Last Updated on January 24, 2019
The number of immigrants losing their permanent residency over the past few years has rapidly increased, according to the latest data from Citizenship and Immigration Canada.
The rule for new residents is that they must spend at least two years, or 730 days in Canada within the first five years of landing as immigrants. If not, they lose their status – a circumstance which is happening almost three times as often now as five years ago. Last year 4,587 immigrants lost their PR status compared to 1,653 in 2006.
“The increase in the number of permanent residency revocations, (especially) in 2008, is likely related to the PR card becoming mandatory for international travel in 2003 and the surge of renewal applications that occurred following the initial five-year validity period,” said a spokesperson for the department.
Whatever the cause of the trend, many of these immigrants are now left scrambling to find ways to enter or stay in Canada legally – some of whom had arrived with immediate family members who are still in the country.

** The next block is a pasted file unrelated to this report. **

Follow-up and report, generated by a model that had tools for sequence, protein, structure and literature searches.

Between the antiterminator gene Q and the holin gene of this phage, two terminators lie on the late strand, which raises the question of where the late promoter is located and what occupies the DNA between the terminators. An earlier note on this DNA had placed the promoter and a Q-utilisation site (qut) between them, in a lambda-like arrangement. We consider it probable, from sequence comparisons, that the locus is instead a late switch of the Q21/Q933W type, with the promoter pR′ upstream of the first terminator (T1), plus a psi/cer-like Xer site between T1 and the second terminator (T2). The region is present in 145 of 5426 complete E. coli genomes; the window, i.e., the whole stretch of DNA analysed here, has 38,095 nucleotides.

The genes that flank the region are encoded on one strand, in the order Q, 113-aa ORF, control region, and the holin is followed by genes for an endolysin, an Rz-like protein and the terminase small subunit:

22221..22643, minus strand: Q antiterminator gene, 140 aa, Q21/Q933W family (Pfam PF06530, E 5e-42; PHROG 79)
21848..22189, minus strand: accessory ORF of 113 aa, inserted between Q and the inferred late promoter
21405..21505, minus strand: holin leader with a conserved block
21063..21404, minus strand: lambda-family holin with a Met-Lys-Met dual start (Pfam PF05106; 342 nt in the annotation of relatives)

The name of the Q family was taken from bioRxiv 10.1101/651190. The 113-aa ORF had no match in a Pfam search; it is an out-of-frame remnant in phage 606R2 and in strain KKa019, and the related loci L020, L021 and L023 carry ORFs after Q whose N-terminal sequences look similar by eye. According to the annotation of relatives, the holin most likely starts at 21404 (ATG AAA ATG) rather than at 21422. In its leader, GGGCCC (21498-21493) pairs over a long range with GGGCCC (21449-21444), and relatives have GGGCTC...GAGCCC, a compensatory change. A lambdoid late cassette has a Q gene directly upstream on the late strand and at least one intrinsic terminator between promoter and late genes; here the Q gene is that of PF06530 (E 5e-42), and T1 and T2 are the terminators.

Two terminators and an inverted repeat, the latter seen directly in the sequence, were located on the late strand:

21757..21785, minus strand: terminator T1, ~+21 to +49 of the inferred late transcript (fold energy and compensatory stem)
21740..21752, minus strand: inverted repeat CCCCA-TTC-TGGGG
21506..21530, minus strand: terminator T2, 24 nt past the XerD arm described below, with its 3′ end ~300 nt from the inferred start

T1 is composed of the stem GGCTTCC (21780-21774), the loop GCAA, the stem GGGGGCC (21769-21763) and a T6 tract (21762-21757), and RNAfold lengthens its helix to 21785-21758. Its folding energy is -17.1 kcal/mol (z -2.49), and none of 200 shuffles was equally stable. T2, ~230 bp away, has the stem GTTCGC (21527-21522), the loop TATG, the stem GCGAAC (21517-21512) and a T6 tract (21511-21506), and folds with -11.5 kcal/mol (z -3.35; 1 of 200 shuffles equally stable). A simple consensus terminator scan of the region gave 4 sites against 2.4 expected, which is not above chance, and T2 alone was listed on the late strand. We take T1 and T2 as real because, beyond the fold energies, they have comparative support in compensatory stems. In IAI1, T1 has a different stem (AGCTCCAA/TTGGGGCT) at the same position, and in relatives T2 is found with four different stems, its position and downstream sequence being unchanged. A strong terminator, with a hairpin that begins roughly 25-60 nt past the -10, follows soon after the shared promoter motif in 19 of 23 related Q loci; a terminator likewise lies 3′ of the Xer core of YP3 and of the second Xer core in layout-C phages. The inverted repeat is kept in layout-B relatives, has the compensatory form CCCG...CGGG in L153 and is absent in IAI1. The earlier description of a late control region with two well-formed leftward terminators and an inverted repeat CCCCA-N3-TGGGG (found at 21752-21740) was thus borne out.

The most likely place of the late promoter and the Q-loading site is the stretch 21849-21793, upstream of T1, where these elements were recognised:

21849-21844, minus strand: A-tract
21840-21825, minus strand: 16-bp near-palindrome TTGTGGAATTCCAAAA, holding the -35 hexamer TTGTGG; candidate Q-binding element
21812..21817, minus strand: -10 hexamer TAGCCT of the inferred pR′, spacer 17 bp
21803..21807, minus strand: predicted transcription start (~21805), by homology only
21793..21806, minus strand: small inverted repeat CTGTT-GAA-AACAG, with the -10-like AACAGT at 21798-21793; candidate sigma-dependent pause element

“We recognize my father didn’t meet the residency requirement,” says Alina Popkova, 32, whose Russian father immigrated to Canada in 2004 but lost his residency status and is now having trouble obtaining a visitor visa to come visit his family. “[B]ut you can’t keep the family apart by denying him a visa to visit us. It is just inhumane.”
Popkova now plans on filing a sponsorship application for her father.
Source: Toronto Star